It’s well-known that gray hair results from a reduction of pigment, while white hair has no pigment — but why this happens remains somewhat of a mystery.
Parents often cite having teenagers as the cause of gray hair. This is a good hypothesis, but scientists continue to investigate why hair turns gray. In time, everyone’s hair turns gray. Your chance of going gray increases 10-20% every decade after 30 years.
Initially, hair is white. It gets its natural color from a type of pigment called melanin, which starts to form before birth. The natural color of our hair depends upon the distribution, type and amount of melanin in the middle layer of the hair shaft or cortex.
Hair has only two types of pigments: dark (eumelanin) and light (phaeomelanin). They blend together to make up the wide range of hair colors.
Melanin is made up of specialized pigment cells called melanocytes. They position themselves at the openings on the skin’s surface through which hair grows (follicles). Each hair grows from a single follicle.
The process of hair growth has three phases:
- Anagen: This is the active growth stage of the hair fiber and can last from 2- 7 years. At any given moment 80-85% of our hair is in the anagen phase.
- Catagen: Sometimes referred to as the transitional phase, which is when hair growth begins to “shut down” and stop activity. It generally lasts 10- 20 days.
- Telogen: This occurs when hair growth is completely at rest and the hair fiber falls out. At any given time, 10-15 % of our hair is in the telogen phase, which generally lasts 100 days for scalp hair. After the telogen phase, the hair growth process starts over again to the anagen phase.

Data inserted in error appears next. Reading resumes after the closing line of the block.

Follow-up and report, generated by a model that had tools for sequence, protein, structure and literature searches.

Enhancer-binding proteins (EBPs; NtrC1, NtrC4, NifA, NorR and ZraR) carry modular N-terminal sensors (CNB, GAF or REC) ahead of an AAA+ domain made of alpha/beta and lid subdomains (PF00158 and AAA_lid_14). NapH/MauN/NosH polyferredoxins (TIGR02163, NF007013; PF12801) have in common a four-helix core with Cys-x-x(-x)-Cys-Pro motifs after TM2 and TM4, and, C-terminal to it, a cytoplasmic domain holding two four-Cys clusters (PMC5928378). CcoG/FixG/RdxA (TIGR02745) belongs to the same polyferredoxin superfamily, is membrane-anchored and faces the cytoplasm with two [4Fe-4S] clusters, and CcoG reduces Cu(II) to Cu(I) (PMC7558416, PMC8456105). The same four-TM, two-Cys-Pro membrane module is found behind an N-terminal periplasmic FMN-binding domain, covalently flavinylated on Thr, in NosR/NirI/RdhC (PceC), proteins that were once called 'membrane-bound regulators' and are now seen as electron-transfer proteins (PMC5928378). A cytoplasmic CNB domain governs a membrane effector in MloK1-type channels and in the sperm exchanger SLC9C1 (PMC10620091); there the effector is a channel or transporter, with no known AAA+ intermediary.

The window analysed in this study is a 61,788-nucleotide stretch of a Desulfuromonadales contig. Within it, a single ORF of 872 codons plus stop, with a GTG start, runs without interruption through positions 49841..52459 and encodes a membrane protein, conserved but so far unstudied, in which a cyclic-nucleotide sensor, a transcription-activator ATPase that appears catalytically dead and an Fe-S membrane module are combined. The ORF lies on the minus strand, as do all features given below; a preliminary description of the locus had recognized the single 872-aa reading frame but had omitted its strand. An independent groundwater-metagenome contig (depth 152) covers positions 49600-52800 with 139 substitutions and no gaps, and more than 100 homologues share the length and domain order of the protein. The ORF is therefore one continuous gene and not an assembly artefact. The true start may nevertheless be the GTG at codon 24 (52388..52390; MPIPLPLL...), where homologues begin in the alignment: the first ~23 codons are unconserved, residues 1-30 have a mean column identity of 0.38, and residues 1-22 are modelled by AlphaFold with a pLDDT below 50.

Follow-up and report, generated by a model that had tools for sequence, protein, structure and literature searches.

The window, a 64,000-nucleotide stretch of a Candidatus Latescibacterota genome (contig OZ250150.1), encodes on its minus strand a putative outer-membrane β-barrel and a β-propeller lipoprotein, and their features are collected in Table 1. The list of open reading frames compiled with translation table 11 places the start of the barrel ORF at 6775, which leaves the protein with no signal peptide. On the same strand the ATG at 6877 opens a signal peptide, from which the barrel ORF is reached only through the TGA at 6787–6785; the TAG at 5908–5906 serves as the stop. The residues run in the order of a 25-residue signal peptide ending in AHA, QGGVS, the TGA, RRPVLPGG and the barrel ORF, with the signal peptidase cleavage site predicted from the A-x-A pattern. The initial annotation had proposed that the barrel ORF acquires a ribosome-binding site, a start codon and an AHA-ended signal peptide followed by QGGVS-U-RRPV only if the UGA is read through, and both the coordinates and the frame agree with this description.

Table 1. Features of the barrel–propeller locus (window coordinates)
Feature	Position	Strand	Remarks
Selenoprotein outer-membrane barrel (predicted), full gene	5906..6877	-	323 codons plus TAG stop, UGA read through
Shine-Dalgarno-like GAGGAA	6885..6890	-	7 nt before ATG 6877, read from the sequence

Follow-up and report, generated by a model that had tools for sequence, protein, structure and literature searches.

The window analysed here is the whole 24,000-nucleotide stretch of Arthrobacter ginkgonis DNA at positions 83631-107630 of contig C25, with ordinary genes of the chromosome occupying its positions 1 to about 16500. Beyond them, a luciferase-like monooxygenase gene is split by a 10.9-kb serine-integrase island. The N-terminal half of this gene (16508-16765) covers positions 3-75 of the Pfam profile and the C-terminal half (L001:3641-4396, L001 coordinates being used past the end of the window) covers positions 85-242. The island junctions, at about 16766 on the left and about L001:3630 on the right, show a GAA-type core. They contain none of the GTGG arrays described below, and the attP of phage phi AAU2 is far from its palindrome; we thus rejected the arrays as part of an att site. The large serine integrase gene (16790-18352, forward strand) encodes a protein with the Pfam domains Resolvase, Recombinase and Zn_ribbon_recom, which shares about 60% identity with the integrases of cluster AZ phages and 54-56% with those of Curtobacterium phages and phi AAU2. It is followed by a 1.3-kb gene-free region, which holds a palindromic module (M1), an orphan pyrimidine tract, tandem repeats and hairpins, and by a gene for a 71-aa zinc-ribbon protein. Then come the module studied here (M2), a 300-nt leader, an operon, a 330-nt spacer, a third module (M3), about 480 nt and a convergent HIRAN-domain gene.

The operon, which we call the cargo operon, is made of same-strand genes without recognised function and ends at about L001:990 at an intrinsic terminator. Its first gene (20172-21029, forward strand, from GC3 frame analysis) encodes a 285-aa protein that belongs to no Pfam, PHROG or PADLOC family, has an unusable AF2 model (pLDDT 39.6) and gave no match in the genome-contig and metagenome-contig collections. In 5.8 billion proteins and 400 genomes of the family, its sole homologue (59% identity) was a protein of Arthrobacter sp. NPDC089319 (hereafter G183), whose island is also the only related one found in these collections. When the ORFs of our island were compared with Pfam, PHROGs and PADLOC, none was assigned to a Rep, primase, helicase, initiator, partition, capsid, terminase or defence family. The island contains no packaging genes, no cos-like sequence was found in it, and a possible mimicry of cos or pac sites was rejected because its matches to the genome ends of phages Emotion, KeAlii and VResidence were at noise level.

As the hair is being formed, melanocytes inject pigment (melanin) into cells containing keratin. Keratin is the protein that makes up our hair, skin, and nails. Throughout the years, melanocyctes continue to inject pigment into the hair’s keratin, giving it a colorful hue.
With age comes a reduction of melanin, and the hair turns gray, and for some people, eventually goes white.
So why does our hair turn gray or white?
Dr Desmond Tobin, professor of cell biology from the University of Bradford in England, suggests that the hair follicle has a “melanogentic clock,” which slows down or stops melanocyte activity, thus decreasing the pigment our hair receives. This occurs just before the hair is preparing to fall out or shed, so the roots always look pale.
Moreover, Dr Tobin suggests that hair turns gray because of age and genetics, in that genes regulate the exhaustion of the pigmentary potential of each individual hair follicle. This occurs at different rates in different hair follicles. For some people it occurs rapidly, while in others it occurs slowly over several decades.
In a February 2005 Science article, Harvard scientists proposed that a failure of melanocyte stem cells (MSC) to maintain the production of melanocytes could cause the graying of hair. This failure of MSC maintenance may result in the breakdown of signals that produce hair color.
In 2009, scientists in Europe described how hair follicles produce small amounts of hydrogen peroxide. This chemical builds on the hair shafts, which can lead to a gradual loss of hair color.
There are other factors that can change the pigmentation of hair, making it lighter or darker. Scientists have divided them by intrinsic (internal) and extrinsic (external) factors: